DISCLAIMER: im actually horrible at sewing/etc so if you know a better way, by all means do that instead. I just think this is an easy way for beginners to make tight fitting boots of any length!
This thing we call ”colourblocking” seems a little intimidating at first, but it’s really simple.
Say I have a 3” x 3” square pattern piece. The inner box is the finished area, and the outer area is seam allowance. This is what I need my final pattern piece to look like, regardless of what colour goes where.
But we want to split this into three segments. If we simply cut the pattern in pieces, we’ll lose space to new seams because we didn’t add seam allowances.
What to do?
Cut the pattern piece into its new segments.
Trace these new pieces onto new pattern paper (or tracing paper, or construction paper, or newspaper or whatever and add seam allowance:
Label these however you want to remember where they go, such as ”Square Left, Square Center, Square Right.”
While a square is obviously a lot easier to block than random curves and right angles and whatever, there are basically endless ways to apply it if you take your time. The only rule that really matters is that the “blue” area always stays the same; you’re only adding enough “pink” NEW seam allowance area to support that seam.
There are a whole bunch of applications for this:
So in short:
- Make/purchase/acquire/locate your pattern.
- Finalize the fit and cut of the pattern without concern for where any of the coloured panels are going. Imagine how you would make the outfit if it were one solid colour, basically.
- Once you have finalized your base pattern, cut it apart (or trace yourself off a second one to cut apart!) and add seam allowances where necessary.
- Label new pieces accordingly so you know how they reassemble.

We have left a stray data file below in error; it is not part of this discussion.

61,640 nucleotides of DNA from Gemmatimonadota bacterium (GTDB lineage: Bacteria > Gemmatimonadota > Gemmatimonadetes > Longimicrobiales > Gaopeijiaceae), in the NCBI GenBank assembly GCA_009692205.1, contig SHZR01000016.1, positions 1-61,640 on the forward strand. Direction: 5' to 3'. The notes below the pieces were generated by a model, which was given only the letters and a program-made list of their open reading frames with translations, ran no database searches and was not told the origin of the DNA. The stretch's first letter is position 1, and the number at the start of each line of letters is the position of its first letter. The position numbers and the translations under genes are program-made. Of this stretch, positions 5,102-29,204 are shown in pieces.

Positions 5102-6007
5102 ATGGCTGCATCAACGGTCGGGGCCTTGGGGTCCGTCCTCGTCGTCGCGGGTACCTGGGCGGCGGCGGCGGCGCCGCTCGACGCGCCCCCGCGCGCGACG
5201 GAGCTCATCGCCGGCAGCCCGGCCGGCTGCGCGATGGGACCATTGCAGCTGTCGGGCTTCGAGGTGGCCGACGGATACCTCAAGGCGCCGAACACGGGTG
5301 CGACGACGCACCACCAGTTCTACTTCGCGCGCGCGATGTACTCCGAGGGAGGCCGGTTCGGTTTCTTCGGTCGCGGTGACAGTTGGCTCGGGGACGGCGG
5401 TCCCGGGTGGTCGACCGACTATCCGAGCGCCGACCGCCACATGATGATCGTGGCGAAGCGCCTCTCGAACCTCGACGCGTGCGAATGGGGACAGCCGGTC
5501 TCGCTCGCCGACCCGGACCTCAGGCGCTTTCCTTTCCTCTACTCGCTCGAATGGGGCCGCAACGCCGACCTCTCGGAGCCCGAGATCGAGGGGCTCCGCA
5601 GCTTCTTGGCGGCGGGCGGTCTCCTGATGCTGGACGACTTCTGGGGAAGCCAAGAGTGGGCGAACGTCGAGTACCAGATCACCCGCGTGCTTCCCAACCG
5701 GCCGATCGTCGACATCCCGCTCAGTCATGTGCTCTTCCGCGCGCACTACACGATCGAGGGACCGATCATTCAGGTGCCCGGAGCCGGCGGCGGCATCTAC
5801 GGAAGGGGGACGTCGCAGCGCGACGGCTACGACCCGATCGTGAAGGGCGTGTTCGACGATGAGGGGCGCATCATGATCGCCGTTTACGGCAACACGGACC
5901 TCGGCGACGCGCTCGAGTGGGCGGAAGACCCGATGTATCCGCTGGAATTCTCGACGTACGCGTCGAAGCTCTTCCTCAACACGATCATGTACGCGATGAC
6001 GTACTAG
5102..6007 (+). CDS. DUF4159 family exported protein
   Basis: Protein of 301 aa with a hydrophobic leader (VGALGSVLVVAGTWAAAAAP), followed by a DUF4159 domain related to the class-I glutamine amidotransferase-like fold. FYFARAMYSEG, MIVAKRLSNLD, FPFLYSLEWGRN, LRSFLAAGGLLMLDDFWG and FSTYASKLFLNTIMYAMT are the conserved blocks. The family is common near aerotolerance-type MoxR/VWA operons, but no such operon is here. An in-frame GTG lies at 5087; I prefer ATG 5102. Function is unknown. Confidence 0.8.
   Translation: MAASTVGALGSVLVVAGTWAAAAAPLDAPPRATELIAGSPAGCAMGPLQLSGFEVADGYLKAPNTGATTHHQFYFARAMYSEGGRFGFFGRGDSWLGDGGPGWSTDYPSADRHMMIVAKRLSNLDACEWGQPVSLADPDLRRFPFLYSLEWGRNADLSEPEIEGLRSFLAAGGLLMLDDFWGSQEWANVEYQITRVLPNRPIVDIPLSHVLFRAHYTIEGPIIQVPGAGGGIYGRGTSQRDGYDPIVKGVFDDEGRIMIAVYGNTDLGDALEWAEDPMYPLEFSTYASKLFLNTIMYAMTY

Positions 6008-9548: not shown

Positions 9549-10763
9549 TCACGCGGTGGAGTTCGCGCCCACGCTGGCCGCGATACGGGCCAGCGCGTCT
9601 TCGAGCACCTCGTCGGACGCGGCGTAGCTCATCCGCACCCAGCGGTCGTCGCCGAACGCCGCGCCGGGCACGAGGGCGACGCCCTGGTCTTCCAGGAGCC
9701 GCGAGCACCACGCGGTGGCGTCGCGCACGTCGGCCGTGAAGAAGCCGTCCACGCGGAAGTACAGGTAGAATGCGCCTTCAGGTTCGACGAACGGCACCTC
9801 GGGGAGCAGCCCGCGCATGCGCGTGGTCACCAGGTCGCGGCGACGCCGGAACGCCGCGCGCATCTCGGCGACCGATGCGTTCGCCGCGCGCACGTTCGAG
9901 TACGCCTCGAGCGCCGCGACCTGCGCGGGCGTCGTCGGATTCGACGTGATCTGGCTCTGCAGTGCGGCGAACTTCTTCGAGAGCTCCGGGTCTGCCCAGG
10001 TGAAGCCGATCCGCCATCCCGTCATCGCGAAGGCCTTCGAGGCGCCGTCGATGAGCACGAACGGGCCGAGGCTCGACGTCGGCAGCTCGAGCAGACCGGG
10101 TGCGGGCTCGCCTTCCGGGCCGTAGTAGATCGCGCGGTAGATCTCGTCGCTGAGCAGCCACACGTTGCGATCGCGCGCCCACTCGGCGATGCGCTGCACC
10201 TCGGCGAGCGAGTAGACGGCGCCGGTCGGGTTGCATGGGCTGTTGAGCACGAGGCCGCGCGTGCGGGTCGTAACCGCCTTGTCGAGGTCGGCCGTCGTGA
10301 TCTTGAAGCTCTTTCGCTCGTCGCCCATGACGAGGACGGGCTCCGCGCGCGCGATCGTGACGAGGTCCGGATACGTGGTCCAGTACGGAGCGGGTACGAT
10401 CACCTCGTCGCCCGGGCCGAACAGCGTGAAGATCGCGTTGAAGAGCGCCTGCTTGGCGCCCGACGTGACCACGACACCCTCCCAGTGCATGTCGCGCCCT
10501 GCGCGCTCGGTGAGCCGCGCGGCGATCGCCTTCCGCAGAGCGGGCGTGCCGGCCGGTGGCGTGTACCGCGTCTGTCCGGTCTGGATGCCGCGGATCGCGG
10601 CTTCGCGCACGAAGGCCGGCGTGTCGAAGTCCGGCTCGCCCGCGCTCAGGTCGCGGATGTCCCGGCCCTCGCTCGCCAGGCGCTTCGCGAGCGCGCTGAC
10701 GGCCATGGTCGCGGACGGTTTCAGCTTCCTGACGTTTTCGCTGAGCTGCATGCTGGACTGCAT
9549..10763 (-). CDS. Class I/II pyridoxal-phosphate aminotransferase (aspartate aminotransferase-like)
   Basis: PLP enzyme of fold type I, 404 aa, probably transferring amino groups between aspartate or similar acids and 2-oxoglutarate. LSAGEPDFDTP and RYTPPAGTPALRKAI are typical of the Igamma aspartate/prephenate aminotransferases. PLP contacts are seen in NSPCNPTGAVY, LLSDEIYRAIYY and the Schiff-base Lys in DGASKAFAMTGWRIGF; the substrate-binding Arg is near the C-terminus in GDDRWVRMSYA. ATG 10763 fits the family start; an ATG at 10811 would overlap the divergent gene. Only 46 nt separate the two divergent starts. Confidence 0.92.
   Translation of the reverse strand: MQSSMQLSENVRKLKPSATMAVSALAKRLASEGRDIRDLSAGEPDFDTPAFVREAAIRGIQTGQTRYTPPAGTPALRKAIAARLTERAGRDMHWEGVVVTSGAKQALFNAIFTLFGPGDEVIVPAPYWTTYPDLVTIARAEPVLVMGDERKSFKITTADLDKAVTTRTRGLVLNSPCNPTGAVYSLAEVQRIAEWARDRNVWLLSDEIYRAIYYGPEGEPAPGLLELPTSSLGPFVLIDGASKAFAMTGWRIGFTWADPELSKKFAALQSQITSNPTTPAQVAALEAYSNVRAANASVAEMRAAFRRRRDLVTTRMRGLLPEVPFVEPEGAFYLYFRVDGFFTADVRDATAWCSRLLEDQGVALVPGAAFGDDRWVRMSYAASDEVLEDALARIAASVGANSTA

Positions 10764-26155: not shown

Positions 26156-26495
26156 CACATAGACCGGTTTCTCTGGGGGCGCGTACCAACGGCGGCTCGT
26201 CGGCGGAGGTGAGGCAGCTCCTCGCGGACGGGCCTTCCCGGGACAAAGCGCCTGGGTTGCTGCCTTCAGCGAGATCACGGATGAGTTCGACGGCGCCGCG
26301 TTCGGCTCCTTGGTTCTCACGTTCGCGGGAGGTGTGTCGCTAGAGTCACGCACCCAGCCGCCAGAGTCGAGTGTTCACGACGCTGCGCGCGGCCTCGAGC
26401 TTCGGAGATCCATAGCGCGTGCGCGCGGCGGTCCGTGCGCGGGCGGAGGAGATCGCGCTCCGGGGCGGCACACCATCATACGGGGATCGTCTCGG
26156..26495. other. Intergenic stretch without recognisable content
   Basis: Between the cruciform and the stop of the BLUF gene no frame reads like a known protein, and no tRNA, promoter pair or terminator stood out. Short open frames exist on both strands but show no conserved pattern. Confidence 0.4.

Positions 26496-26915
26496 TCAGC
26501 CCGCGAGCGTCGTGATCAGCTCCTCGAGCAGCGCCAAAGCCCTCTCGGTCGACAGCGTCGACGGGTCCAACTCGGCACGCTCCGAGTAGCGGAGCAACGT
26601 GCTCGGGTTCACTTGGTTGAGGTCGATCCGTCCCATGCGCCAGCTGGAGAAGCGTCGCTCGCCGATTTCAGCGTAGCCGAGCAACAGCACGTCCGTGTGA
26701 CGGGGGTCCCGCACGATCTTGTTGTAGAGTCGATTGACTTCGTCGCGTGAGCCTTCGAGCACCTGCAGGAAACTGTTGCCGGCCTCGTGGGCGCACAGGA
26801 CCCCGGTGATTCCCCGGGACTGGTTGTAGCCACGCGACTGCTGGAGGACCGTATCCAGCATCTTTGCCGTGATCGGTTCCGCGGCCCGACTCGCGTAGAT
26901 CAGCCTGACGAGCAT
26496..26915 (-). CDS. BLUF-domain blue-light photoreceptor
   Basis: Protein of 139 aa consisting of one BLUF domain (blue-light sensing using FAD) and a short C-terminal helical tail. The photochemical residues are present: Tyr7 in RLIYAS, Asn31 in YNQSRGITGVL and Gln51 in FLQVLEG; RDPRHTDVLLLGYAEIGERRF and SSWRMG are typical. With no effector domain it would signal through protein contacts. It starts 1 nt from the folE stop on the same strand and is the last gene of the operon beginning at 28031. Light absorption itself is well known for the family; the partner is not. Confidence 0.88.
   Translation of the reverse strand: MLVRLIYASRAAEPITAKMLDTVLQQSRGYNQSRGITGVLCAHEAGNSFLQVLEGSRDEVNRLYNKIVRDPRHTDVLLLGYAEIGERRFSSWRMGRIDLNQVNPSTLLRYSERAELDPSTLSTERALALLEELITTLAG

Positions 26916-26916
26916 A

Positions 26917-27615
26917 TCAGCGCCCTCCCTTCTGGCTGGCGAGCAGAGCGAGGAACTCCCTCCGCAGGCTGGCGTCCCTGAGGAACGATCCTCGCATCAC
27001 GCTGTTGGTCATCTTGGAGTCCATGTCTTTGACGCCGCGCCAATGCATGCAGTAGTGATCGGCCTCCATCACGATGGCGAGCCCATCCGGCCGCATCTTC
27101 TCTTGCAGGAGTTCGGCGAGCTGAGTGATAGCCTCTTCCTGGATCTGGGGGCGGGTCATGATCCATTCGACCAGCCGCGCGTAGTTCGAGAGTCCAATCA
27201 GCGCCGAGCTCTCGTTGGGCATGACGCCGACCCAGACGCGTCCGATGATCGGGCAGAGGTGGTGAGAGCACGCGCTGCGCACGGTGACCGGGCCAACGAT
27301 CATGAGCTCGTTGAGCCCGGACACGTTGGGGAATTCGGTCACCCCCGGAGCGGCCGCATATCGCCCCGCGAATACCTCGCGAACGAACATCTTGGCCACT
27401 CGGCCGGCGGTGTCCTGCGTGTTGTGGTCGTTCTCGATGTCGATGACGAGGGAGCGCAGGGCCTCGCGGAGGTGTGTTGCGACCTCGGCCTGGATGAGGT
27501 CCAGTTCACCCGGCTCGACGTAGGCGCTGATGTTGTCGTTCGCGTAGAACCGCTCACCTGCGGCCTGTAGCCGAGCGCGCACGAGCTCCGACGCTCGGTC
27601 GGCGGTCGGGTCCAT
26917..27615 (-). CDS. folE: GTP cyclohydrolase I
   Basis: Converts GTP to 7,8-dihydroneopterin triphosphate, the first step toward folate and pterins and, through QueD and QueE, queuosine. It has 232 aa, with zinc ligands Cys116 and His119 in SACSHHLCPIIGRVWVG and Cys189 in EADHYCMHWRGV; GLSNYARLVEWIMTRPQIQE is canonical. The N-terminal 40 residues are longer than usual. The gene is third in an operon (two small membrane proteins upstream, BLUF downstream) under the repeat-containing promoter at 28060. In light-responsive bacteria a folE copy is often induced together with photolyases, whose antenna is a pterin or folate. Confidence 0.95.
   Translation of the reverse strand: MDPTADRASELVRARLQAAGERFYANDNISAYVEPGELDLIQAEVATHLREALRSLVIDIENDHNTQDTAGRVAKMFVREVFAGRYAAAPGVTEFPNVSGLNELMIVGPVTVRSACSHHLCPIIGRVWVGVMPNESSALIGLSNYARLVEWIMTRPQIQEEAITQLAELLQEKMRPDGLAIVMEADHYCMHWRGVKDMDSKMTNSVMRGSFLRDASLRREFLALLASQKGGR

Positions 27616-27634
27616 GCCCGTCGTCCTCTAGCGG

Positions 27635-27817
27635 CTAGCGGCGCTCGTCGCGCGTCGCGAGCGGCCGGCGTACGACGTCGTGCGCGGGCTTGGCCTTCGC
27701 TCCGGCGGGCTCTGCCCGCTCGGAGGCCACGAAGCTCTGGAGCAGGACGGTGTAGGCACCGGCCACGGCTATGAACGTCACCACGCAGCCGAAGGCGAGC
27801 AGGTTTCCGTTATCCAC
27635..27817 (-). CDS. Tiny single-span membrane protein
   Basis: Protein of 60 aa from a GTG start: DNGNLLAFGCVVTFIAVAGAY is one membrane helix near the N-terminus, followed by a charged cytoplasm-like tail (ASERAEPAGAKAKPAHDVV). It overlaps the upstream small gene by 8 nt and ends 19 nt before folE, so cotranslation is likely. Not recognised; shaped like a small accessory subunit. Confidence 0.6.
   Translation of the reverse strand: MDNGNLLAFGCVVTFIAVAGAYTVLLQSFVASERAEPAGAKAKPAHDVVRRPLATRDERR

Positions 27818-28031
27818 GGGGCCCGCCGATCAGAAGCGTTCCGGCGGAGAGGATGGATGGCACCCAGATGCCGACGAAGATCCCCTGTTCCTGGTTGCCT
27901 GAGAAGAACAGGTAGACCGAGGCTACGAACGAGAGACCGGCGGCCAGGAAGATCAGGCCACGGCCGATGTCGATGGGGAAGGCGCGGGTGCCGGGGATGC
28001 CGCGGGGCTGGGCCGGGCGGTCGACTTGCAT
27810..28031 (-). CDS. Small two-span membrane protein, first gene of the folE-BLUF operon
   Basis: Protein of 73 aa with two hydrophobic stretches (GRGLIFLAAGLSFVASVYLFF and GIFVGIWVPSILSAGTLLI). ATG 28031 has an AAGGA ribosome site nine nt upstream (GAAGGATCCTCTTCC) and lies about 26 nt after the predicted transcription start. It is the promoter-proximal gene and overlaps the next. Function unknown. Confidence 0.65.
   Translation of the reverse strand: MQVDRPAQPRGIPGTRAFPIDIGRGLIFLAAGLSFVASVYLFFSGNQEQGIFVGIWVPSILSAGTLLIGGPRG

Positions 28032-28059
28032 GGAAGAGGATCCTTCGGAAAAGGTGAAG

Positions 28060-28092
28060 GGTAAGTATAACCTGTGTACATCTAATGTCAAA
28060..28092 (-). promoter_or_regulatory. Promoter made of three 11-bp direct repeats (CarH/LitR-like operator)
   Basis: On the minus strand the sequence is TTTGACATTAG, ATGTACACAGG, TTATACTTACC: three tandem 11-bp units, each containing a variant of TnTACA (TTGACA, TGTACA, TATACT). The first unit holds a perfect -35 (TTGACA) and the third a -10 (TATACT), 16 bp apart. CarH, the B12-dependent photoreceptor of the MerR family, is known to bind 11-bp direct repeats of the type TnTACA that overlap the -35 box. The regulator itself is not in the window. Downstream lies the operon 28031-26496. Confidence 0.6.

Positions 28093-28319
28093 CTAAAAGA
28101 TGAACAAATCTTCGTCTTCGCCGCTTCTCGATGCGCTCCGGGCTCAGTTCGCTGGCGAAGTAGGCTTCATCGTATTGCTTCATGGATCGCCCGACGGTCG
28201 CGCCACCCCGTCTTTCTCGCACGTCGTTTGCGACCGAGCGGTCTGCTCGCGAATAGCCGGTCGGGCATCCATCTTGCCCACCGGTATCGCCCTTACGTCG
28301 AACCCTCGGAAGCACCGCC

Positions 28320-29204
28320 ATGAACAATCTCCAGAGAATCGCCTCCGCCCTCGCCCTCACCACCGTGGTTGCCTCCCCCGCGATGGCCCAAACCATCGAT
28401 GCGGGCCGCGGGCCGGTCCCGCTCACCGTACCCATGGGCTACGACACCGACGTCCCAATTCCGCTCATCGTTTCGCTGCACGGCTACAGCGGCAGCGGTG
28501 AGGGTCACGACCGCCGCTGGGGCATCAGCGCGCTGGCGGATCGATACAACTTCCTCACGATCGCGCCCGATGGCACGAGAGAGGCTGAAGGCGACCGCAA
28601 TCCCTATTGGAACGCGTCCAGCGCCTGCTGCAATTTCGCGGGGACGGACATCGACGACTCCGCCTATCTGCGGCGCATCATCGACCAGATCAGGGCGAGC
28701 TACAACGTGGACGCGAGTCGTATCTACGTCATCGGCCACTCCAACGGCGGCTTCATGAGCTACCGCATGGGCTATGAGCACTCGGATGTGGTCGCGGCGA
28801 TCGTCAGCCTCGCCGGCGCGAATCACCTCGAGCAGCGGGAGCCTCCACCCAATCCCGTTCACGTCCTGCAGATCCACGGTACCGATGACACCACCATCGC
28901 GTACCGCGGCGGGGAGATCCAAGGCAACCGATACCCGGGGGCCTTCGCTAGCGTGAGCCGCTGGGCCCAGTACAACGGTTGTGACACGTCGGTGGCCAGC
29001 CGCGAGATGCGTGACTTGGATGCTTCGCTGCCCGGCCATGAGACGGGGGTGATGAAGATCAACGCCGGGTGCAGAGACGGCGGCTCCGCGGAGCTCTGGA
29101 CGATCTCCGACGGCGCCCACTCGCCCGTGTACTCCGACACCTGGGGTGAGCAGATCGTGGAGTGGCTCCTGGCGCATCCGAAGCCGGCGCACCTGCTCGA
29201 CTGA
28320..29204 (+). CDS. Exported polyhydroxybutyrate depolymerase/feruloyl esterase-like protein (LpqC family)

- Cut + sew new pattern pieces from appropriate fabrics so you have a reassembled piece that fits the original pattern piece despite now being colour blocked!
- Sweet, sweet justice. Colourblocking is no sweat to you now.
tl;dr: Comprehensive Colorblocking tutorial!!
I’m doing a cosplay of Ariel in her blue town dress. My grandma is going to help me make my skirt and I’m gunna get a shirt and probably dye it blue. Now I’m just lost at the corset thing now.
Anyone have some tips or idea or ANYTHING?
I used this pattern for my Briar Rose corset, which is basically the same design and it was easy to make.
Hope this helps!
I’m not certain about this pattern, but if it says to use Rigiline or plastic boning, don’t do it. It warps and can break and be painful. Instead, go to Lowe’s or Home Depot and get the giant industrial zip ties. You can cut them (and I round the edges with a nail file) and they are SO much better to use in a costume than plastic boning.
This is, of course, assuming you don’t use steel to bone it.
Reblogging again because this is a GREAT tip! Plastic boning sucks for that very reason and zip ties are much cheaper and sturdier.
Great tips, and that is a great pattern, too!